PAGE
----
Dividends are back on the menu for mining giant Rio Tinto after it posted better than expected full year profits.
The FTSE 100 group, and the world’s third largest miner, said it would reinstated dividends yesterday after a year-long break – a move it hailed as a reflection of its “positive outlook”.
The news came as the miner posted underlying earnings of $6.3bn (£4bn) for the year to 31 December 2009, a 39 per cent decline on 2008 figures but above analysts’ forecasts of $6bn.
Chairman Jan du Plessis said: “Achieving underlying earnings of $6.3bn is a commendable result for
the group, especially during rapidly changing macro economic conditions.”
Prices declined for nearly all of Rio Tinto’s major commodities in 2009; average copper and aluminium prices were 28 per cent and 35 per cent lower respectively while molybdenum prices plunged 65 per cent below 2008 levels.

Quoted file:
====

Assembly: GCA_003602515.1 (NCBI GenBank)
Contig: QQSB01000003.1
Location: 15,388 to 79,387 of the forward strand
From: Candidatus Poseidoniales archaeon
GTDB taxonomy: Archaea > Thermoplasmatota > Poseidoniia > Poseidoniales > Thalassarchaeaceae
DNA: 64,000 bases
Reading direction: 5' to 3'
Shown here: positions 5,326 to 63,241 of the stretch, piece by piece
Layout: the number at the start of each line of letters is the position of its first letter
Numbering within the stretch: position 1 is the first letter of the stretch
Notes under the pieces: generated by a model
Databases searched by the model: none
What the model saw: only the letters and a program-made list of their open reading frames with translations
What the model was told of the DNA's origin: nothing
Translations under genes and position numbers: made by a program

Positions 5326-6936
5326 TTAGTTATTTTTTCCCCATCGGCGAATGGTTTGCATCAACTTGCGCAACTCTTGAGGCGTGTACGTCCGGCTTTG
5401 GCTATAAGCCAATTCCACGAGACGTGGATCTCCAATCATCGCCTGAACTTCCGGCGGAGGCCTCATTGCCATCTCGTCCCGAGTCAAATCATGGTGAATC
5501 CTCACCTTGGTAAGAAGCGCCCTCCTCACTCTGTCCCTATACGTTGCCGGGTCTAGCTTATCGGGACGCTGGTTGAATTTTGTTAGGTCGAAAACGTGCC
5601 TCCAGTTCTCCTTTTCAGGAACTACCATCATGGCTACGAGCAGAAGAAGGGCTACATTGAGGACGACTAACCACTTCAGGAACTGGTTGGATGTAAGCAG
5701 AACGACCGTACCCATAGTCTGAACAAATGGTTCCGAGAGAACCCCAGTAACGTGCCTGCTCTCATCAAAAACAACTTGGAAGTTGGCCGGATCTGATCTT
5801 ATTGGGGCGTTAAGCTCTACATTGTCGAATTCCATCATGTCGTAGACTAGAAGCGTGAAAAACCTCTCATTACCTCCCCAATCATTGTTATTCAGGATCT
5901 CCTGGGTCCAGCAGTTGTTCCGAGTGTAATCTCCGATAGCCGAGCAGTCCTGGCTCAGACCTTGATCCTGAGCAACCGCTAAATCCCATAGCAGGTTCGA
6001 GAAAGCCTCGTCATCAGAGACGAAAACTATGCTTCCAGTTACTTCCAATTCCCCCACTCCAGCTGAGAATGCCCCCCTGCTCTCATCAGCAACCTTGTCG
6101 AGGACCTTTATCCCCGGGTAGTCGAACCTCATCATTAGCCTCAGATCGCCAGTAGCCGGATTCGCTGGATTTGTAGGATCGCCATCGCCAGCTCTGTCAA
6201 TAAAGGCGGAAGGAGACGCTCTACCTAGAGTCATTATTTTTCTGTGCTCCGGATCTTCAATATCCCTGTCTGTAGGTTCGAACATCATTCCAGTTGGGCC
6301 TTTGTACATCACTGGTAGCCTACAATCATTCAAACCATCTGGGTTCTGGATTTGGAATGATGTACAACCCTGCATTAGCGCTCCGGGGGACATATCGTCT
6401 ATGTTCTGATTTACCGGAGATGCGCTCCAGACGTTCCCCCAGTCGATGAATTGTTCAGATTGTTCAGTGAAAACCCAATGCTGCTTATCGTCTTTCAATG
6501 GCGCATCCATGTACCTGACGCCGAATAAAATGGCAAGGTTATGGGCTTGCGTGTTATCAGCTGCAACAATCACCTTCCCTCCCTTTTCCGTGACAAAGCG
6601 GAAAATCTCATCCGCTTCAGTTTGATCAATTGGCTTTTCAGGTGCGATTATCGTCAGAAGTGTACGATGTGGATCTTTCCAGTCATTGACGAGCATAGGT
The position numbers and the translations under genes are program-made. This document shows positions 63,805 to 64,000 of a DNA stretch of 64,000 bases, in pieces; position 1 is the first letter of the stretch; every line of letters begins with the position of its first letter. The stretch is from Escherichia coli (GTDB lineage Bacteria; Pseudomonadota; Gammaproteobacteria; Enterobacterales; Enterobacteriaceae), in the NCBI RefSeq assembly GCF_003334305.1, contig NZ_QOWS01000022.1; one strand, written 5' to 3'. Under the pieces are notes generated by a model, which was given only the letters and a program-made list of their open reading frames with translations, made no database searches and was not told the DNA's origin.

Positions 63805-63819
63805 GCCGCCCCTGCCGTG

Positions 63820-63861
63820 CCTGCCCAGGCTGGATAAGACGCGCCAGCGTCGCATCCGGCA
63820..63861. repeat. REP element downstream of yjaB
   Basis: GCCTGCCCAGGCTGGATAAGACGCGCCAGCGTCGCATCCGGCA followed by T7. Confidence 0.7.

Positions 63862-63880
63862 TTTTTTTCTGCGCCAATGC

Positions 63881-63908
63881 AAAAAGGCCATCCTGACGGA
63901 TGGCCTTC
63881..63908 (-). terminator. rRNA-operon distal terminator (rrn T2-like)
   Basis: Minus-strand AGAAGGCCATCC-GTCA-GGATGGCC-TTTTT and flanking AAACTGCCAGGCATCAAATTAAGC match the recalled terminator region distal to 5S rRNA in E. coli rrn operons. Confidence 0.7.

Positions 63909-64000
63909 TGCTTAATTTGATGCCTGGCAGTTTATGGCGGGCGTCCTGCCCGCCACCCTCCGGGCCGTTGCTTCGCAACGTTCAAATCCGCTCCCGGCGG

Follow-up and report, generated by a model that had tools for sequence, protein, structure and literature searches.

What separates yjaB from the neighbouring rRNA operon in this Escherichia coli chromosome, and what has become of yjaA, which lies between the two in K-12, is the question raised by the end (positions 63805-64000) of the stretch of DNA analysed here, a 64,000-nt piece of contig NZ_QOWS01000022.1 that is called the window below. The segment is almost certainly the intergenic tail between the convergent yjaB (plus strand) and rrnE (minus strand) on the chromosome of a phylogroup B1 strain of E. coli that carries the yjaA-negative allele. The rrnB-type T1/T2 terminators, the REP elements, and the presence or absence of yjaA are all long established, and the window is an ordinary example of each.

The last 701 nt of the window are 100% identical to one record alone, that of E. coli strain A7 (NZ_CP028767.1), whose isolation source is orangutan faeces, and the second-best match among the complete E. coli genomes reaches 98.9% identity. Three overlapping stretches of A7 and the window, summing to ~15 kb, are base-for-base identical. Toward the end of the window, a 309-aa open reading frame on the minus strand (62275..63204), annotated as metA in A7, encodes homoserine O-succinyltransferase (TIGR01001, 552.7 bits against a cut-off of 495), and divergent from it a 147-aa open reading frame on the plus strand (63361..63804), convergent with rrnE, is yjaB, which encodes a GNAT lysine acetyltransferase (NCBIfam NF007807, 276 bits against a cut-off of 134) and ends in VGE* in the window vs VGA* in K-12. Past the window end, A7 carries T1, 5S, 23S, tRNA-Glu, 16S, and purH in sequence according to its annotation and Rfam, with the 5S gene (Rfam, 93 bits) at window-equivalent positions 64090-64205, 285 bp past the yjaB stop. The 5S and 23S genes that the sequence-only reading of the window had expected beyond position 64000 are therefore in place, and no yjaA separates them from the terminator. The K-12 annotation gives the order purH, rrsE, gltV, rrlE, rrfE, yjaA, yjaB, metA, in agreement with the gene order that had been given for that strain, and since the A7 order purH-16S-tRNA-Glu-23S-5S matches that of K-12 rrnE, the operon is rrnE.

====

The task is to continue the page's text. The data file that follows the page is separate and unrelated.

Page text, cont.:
The firm, led by chief executive Tom Albanese, channelled much of its efforts last year on rebalancing its balance sheet beating its savings target one year in advance and slashing its net debt in half through an aggressive divestment programme and reduced operating costs.
Charles Kernot of Evo Securities said: “The market will breathe a positive sigh of relief that the worst is behind the company and that net debt has been reduced from $38.7bn to $18.9bn.” The group said the latter part of 2009 had seen an upturn and remained confident this trend would continue through 2010, with China set for strong growth after forecasts predicted nine per cent growth this year. The emergence of the OECD nations from recession will provide further support, the miner added.